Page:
Man suing Longueuil policeman over brutality allegations
Published Monday, November 26, 2012 6:53PM EST
A 61-year-old man is suing after he claims a Longueuil police officer assaulted him.
Rejean Cormier was working the front desk at the Abri de la Rive-Sud homeless shelter on the South Shore on Nov. 11 when he says police roughed him up after he wouldn't let them access confidential files.
Two police officers arrived at the 14-bed Longueuil shelter after receiving a call from someone threatening to commit suicide there.
“I repeated at least three times, ‘The guy is not there.’ When he saw the name of the guy in the file they said, ‘Hey what's that?’” said Cormier.
Cormier says one of the officers beat him when he tried to prevent them from looking at confidential files.
“They attacked me. They threw me on the floor, and crossed my arms on my back,” he said. “They continued to hold my arms until I lost consciousness.”
An ambulance took Cormier to hospital, where he had surgery on his shoulder and arm.
The soft-spoken man spent three days in hospital and will not be able to work until at least the spring.
He has filed a lawsuit against the officer he claims attacked him and said he will be seeking financial compensation.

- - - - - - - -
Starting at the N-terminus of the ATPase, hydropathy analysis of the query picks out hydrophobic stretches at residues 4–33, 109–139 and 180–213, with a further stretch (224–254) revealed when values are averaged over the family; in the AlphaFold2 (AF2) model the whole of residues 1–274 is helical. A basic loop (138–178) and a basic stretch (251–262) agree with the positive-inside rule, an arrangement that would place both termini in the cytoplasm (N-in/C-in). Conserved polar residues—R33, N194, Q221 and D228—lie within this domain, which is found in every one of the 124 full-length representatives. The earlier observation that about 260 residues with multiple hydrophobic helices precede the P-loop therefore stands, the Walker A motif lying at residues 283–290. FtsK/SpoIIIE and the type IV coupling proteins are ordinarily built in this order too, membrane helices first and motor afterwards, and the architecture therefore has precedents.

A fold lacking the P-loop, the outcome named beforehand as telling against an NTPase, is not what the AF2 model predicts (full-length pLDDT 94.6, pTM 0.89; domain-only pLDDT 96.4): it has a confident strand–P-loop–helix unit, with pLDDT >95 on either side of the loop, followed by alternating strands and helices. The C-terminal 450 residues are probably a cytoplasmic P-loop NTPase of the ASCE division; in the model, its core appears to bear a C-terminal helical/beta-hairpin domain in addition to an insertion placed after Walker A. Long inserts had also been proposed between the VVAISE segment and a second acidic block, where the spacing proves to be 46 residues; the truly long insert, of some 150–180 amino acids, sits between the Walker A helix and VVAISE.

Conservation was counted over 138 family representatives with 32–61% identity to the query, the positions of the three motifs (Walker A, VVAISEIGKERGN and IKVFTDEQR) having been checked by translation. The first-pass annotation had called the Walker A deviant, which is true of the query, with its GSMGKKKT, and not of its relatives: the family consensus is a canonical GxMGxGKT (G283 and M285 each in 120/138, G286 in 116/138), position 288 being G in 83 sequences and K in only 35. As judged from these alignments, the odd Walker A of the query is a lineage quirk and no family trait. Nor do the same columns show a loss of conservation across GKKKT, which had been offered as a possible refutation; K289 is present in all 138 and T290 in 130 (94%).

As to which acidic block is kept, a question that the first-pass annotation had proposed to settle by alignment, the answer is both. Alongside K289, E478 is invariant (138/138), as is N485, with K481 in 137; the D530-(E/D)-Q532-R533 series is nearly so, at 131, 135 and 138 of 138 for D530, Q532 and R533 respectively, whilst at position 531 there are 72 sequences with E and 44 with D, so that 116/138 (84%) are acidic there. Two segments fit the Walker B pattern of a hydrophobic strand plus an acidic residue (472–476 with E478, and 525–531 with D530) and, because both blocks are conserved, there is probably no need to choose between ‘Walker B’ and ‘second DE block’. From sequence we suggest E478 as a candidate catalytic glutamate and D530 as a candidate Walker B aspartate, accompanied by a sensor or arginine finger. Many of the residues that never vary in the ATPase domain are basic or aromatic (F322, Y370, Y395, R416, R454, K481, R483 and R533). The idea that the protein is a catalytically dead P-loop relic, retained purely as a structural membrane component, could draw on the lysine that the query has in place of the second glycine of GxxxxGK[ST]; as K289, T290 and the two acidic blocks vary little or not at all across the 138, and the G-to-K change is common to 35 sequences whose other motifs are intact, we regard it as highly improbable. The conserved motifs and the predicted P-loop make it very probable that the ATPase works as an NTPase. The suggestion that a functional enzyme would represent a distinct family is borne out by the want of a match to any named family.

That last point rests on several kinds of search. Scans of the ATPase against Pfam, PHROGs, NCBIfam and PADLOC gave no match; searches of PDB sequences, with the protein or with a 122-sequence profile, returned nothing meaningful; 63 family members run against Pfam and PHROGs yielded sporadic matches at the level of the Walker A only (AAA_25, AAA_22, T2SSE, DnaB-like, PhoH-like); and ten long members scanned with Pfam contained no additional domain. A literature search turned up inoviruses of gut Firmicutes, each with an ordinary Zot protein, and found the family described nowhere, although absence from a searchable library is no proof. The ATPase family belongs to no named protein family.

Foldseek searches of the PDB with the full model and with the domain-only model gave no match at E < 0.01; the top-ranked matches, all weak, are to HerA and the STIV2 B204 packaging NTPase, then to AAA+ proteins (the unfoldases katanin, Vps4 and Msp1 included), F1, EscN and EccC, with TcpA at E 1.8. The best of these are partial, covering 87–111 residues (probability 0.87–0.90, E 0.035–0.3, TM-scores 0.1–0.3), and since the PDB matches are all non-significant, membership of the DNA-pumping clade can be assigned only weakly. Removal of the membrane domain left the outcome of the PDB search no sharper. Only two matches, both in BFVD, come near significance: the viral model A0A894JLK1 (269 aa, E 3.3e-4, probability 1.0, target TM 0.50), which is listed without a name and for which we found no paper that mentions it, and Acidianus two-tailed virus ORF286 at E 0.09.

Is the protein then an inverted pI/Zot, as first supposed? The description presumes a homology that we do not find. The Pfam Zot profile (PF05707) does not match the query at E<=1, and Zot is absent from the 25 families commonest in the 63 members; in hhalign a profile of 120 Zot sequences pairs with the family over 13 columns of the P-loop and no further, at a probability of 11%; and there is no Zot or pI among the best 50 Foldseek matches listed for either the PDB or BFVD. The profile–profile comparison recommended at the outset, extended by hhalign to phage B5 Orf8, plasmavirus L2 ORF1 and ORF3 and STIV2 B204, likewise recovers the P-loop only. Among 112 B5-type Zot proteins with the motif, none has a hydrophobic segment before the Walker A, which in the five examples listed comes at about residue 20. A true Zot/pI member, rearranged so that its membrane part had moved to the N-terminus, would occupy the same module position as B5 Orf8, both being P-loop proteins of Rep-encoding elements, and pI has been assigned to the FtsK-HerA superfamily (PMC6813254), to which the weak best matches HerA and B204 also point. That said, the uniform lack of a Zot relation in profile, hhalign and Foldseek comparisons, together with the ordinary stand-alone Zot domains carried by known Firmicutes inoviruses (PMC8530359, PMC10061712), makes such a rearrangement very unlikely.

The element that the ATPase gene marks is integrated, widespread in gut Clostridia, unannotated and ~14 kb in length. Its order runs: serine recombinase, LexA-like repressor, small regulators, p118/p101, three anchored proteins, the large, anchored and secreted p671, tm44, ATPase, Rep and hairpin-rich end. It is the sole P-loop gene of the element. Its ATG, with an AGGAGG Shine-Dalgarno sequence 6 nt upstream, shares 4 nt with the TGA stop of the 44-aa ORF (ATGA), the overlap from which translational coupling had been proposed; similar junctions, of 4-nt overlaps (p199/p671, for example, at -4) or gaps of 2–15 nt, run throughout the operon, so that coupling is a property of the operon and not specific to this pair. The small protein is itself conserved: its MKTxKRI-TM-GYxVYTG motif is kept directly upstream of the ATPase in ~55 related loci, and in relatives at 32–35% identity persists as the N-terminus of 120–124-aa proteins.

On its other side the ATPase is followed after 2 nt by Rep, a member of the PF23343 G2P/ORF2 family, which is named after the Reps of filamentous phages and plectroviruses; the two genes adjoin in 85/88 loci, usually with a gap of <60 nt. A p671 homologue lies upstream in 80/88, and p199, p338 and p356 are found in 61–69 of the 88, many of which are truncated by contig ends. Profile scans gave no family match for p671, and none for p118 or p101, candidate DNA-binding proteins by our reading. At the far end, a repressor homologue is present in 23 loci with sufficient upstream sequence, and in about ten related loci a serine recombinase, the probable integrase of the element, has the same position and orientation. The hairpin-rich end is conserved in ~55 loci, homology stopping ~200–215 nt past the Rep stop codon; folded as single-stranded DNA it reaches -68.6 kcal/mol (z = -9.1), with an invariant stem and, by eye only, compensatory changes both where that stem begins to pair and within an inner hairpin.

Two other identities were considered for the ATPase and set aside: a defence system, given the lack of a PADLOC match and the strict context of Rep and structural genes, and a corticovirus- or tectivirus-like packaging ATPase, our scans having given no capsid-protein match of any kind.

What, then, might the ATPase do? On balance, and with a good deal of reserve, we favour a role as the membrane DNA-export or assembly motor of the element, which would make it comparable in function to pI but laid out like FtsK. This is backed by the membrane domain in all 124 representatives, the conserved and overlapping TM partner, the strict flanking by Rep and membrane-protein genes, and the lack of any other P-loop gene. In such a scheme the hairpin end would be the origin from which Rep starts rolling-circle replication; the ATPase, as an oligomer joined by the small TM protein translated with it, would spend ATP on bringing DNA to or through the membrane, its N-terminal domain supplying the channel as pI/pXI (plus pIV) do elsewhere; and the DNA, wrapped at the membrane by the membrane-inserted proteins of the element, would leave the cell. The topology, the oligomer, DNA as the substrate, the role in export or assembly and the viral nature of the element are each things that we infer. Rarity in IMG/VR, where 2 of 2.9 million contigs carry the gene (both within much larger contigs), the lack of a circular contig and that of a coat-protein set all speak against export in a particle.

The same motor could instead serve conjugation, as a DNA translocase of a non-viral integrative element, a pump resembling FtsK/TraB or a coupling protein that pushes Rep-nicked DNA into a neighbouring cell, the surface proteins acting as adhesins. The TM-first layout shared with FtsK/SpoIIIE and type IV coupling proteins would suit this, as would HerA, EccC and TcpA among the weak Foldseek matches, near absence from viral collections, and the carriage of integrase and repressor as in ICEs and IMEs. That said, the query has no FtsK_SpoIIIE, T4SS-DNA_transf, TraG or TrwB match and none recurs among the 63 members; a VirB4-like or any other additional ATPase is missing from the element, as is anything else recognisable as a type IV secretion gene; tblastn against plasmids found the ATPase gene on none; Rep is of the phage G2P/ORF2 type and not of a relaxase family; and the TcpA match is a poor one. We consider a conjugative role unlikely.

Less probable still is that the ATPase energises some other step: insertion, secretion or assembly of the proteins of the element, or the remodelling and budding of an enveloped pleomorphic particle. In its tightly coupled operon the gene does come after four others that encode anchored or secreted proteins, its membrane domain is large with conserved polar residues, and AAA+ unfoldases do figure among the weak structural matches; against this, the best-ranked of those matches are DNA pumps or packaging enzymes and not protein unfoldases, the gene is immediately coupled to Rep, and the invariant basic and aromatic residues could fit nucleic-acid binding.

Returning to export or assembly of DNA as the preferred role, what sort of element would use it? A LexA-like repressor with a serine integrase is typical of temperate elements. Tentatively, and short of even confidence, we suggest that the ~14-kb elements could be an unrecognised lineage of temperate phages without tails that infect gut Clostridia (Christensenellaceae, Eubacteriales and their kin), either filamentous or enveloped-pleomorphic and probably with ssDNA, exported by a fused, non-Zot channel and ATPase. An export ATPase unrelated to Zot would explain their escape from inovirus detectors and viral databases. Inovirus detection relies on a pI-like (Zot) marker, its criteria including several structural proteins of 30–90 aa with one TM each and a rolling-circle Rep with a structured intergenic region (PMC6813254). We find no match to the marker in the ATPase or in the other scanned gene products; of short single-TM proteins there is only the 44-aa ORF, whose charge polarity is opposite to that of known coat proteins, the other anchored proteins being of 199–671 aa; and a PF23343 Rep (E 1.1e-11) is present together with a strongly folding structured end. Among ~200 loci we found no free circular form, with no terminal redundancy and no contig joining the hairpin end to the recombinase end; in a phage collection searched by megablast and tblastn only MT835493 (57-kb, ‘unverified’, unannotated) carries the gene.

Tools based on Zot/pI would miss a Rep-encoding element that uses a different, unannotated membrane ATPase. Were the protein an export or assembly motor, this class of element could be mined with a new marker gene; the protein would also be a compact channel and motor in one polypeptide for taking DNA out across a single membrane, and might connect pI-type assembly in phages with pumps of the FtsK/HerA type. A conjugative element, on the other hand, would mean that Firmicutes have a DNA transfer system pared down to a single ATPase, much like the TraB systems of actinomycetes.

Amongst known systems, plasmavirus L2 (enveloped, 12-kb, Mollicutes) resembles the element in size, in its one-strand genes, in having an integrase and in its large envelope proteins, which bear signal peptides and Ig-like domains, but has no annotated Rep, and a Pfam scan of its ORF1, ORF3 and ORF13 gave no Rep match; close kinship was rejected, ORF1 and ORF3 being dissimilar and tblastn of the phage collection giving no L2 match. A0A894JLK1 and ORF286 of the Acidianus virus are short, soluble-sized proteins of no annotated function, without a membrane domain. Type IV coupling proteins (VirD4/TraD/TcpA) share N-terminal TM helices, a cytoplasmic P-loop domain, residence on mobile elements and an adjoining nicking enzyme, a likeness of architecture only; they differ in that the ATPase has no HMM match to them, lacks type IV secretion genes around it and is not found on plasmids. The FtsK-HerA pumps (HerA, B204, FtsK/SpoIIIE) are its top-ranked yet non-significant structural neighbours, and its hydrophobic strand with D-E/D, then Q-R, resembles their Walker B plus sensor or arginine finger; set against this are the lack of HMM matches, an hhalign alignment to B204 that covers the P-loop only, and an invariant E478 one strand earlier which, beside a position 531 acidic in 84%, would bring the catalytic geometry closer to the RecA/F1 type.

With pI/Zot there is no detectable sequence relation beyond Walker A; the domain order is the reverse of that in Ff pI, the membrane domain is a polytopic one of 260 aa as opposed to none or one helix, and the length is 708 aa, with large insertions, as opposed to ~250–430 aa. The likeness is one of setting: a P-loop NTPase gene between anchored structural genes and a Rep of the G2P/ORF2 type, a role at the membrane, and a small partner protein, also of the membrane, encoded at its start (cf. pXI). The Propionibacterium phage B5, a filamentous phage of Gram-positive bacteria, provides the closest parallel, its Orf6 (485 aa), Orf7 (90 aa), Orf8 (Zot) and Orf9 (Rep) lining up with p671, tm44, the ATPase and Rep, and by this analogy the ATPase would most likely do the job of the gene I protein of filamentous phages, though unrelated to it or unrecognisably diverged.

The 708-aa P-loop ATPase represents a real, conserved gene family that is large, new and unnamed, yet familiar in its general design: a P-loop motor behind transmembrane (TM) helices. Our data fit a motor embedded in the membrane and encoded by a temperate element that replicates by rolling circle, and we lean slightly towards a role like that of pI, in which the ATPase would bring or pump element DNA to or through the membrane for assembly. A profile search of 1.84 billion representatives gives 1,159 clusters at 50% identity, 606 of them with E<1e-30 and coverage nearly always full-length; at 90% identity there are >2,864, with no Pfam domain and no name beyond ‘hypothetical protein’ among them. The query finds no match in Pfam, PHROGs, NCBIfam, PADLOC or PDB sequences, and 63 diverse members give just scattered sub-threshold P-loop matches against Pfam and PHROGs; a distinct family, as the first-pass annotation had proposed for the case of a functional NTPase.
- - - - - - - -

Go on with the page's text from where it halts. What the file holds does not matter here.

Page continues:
Cormier is also calling for an independent inquiry into the situation.
Meantime, the case has been passed up to the Surete du Quebec, which is protocol when a police officer is involved in an incident.
The SQ will interview Cormier on Wednesday.
Longueuil police says both officers are still patrolling and are not a risk to the community.
The force said it believes the intervention was legitimate and is not commenting on the question of excessive force.
They say Cormier was being arrested for obstructing a police officer at the time of the incident.
Cormier is supported by many community organizations on the South Shore whose employees often rely on police and call them for backup.
The officers in question should be fired, said umbrella group Community Organizations of the Monteregie.
“We are very worried, for if we have to call the police again. If we need help and we have this kind of service, we are very worried about that. We don't want them on the road anymore,” said Johanne Nasstrom of the organization.